Our Travels: A Maritime Tour
Visiting Canada’s beautiful eastern provinces was a dream come true for this Alberta family.
Visiting the Canadian Maritimes
A long-time dream of mine had been a trip down east. I approached my mother and sister to see if they would like to do a girls trip, and we made arrangements for a bus tour of Nova Scotia, Prince Edward Island and New Brunswick. My mother Agnes, who was 83, my older sister Joanne, my daughter Lindsay and I set off by air from Edmonton and Lethbridge, Alta. We arrived in Halifax on September 19, 2015, and stayed in the beautiful Lord Nelson Hotel in the heart of the city. The tour company hosted a welcome reception with local wine and appetizers so that we could meet the others who would be sharing our adventure. There were folks from Australia, all parts of the United States and, of course, Canada.
After a good sleep, we set off early the next morning for a guided tour of the downtown, which included a stop at the cemetery where many of the unfortunate souls from the Titanic made their final resting place. We then drove to tiny, picturesque Peggys Cove on St. Margarets Bay for lunch, exploration and pictures. While driving back to Halifax, we passed a house that had been beautifully painted with a scene of a lighthouse and the ocean on its front. Even the tree in the yard was painted with yellow, pink and blue stripes. There is much pride of place evident in the homes of Nova Scotia and P.E.I. Yards were immaculately groomed and all the houses looked freshly painted.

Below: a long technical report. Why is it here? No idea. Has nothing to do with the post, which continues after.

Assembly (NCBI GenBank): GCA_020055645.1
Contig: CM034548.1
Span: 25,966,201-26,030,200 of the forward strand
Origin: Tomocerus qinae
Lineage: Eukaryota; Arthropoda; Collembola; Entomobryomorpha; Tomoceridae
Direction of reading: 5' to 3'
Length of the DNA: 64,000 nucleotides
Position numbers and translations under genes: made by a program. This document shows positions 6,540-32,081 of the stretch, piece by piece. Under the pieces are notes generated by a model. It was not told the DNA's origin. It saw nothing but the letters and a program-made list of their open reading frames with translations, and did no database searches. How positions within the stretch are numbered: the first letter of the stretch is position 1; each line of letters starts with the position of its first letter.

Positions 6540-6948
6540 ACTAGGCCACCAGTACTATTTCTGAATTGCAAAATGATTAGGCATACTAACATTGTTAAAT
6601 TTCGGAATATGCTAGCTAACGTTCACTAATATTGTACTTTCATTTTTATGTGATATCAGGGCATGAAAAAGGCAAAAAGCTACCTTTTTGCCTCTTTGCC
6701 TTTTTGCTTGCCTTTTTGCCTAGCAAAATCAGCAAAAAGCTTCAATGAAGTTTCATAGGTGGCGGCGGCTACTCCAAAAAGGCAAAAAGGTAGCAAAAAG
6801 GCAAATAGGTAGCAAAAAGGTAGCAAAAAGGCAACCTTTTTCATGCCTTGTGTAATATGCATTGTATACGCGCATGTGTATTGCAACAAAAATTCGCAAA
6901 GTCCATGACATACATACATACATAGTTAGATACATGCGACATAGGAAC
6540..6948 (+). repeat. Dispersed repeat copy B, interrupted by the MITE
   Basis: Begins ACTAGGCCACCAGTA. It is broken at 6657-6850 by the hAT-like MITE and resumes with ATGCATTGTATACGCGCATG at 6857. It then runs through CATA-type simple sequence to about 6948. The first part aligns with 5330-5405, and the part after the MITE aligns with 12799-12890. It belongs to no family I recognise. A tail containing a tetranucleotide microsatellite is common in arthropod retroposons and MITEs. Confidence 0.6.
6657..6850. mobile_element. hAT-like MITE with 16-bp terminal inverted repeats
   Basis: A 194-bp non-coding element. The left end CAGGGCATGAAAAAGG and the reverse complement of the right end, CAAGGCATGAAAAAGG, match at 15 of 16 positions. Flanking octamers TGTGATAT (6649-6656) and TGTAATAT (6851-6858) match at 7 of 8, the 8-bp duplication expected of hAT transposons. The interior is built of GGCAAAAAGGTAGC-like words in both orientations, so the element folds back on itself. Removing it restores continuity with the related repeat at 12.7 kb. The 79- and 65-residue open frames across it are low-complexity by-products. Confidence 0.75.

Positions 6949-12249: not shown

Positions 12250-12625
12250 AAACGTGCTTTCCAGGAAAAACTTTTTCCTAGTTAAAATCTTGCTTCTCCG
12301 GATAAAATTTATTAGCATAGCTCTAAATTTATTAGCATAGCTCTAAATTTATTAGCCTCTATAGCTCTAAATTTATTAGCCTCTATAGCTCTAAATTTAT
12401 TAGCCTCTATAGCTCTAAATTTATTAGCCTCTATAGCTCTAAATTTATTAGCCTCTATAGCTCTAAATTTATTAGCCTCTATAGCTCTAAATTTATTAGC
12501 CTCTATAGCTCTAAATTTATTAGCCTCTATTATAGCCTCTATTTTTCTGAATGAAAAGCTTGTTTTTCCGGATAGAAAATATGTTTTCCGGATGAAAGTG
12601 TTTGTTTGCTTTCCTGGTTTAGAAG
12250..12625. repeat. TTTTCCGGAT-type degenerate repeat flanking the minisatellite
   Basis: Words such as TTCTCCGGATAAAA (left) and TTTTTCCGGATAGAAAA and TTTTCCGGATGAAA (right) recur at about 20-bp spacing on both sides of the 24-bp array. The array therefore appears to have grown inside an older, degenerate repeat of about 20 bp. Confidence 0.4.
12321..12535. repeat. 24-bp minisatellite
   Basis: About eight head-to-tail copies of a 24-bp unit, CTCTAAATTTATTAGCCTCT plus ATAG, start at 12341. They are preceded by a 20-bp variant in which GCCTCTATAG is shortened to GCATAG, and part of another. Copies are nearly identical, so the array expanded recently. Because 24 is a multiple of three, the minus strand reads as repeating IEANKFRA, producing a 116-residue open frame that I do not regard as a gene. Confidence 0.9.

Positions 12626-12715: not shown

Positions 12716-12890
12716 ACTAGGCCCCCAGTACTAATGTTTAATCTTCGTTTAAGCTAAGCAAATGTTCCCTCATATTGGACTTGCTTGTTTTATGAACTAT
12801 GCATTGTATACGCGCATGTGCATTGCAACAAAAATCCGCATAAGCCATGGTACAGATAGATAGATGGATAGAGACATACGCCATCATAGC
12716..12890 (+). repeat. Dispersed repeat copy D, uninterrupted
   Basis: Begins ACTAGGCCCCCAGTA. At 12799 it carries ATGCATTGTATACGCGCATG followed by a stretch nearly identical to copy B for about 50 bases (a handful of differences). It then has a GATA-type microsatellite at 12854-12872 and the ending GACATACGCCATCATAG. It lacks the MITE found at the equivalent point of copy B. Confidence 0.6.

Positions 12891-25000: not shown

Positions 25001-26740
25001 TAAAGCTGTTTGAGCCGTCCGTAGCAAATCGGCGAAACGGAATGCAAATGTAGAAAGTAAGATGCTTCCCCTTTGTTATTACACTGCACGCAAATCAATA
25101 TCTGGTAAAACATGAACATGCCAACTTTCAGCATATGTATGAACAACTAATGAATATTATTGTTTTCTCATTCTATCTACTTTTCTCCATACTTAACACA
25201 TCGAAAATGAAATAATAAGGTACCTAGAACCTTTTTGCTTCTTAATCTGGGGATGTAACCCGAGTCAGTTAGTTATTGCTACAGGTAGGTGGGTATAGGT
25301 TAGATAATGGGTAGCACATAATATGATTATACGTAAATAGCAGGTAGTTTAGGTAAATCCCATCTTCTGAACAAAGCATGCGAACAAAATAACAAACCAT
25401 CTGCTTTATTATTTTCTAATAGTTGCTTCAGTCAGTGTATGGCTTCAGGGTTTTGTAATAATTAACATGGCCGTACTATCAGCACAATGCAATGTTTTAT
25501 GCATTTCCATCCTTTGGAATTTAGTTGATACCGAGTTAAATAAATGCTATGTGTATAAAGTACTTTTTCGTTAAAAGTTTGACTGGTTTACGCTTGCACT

Once back in Halifax, we stopped at the Citadel for the changing of the guards. The kilted guards stand in position for only an hour at a time; when they are relieved by the next guard, they convey their orders verbally. At the time the fort was built, most of the soldiers could not read or write, so all orders had to be memorized and passed along verbally. There are also large masts, like those on the big ships, within the fort that displayed flags showing what type of ship was coming into the harbour. Masts were set up in strategic places along the way to New Brunswick that would fly the same flags. This way, merchants of the day would know what type of ship had come in and could determine if they needed to go pick up provisions.
In the evening, we were off to Alexander Keith’s Nova Scotia Brewery for a tour and beer tasting. We enjoyed a lovely meal, singing and stories in the old-style pub. Our hotel faced the Halifax Public Gardens, a beautiful park filled with Victorian-era plants, so my sister and I wandered in through the gate for a brief look around.
After breakfast the next day, we boarded the sightseeing bus, only to find that our assigned seats had moved back three rows while the travellers on the other side of the bus had moved up three rows. This was done each day to encourage the group to introduce themselves, and new friends were made. We stopped at Jeddore Oyster Ponds and the Fisherman’s Life Museum, set in an early 1900s fisherman’s home, before landing at Sherbrooke Village, a re-created lumber town from the late 19th century with brightly painted houses. My daughter posed outside of the Temperance Hall, imagining herself to be a young Rachel Lynde from Anne of Green Gables.